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A senior with dementia uses a tablet computer.

A senior with dementia uses a tablet computer.

Photo: WaveLength Charity/Creative Commons

Compiled by Carolyn Cadigan

New Springvale service hub supports “aging in place” for more Mainers: To address the growing need for services for older adults in Maine, Southern Maine Agency on Aging (SMAA) is opening a new service hub in the Anderson Learning Center in Springvale this summer. The new location will make services more accessible to people living in Acton, Alfred, Lebanon, Newfield, N. Berwick, Sanford, Springvale, Shapleigh and Waterboro. As nursing homes continue to close in New England and especially in Maine, it is increasingly important to strengthen local supports that allow people to “age in place” at home. Programming at SMAA’s Sanford/Springvale Hub will include an Adult Day Program for individuals with Alzheimer’s and other dementias, Nutrition Services including Meals on Wheels and Community Cafés, Falls Prevention exercise classes, and Medicare Counseling. Resource Specialists will also be available on site to help older adults and caregivers navigate issues with housing, healthcare, benefits and more. FMI, go here.

Two SFD firefighters retire: After each gave more than two decades of service to our community, Sanford Fire Department firefighters Steve Ouellette and Thomas Moses are hanging up their gear, each ready to enjoy his next chapter in life. The community is thankful for the bravery shown and sacrifices made by these first responders in keeping us safe. Congratulations to you both!

Partners Bank donates to battle food insecurity: The Sanford Backpack Program (SBP) received a $1,000 donation from Partners Bank through its Employee Donation of the Month, by which the bank chooses an employee who selects an organization that will receive the donation. For the month of May, Residential Underwriter Donald MacDougall selected the SBP, a program by the Sanford Strong Coalition that sends children home for the weekend with a backpack full of nutritious and easy-to-prepare food. The food from SBP helps students maintain a balanced diet so they can return to school on Monday ready to focus on learning. “Food insecurity is a challenge in every community. We have all known (or been) someone who struggled with the decision either to pay the light bill or to feed their family,” MacDougall said. “I like the unique approach this charity takes to provide food to kids outside of the school day.”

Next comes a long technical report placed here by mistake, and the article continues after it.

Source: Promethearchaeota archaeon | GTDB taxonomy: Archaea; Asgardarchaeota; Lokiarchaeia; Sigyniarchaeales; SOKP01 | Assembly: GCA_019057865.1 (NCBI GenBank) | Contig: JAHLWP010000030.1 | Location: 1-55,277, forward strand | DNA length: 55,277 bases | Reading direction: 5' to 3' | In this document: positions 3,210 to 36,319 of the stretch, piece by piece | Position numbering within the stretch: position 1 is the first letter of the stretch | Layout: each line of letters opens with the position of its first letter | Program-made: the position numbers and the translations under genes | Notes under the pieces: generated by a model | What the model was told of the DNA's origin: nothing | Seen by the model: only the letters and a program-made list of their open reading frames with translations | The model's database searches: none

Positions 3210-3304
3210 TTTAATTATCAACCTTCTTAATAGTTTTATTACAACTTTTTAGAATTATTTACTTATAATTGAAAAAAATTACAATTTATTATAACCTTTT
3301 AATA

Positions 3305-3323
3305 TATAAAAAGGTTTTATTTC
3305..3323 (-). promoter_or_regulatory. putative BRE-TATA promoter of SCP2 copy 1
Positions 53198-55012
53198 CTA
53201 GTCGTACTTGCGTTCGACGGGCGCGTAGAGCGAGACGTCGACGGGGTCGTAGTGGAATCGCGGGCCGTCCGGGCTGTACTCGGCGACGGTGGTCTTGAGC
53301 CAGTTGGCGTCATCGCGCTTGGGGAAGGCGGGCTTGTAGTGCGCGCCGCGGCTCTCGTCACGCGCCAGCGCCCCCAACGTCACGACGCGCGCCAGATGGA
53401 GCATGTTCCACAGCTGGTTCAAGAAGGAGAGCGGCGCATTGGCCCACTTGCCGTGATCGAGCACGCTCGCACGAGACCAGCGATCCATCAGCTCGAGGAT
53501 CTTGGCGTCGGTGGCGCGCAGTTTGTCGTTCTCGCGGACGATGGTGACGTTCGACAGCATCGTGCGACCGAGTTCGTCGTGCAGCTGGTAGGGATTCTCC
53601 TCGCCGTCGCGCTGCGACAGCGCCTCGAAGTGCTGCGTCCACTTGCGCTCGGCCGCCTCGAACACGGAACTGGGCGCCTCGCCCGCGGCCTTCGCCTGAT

Release date of federal grant money for library is still unclear: Goodall Library got some good news last week about its stalled construction project. The Deputy Assistant Secretary of the Department of Housing and Urban Development has signed the grant agreement, according to Library Director Ann Thomas. She said it remains unclear how soon the funding would be released so construction can resume. Work on the $3.9 million expansion at 952 Main St. was halted April 11 because the library had exhausted internal financing and had yet to access federal grant money. The library is occupying rental space at the Center for Shopping until construction is complete.

Help meet our community’s food needs with a Fight Hunger Bag: For the month of June, The Salvation Army Sanford will receive a $1 donation from each purchase of the $2.50 reusable Fight Hunger Bag at Hannaford, 800 Main St. in Sanford or 107 Wells Plaza in Wells.

Proposed county assessment up by 9.6%: A proposed $25.1 million spending plan for York County government goes to a public hearing on June 10 at 6 pm at York County Government Building, 149 Jordan Springs Rd., Alfred. The plan increases the budget by 7.38% and increases assessments by 9.6% on all 29 cities and towns in the county. Attend by Zoom here. Use Meeting ID: 892 5216 3494, Passcode: 413687.

Updated fee program helps those in need receive health services: Nasson Health Care is committed to offering high-quality and affordable health care to all, welcoming people with and without insurance. The organization offers a sliding fee scale and hardship assistance for those who qualify and need help financially. The sliding fee scale has recently been updated, so patients are encouraged to review it and apply if financial assistance is needed. FMI and to access the updated sliding scale, go here.

Substance use recovery center is open: A limited capacity opening at the Sanford Recovery Community Center (SRCC), which offers support and resources for individuals in recovery from substance use disorder, took place on June 5. The center provides a safe, supportive environment that fosters connection, promotes wellness and helps people build a fulfilling life. Membership is free and open to all who are interested in recovery. FMI, go here or call 207-888-3291.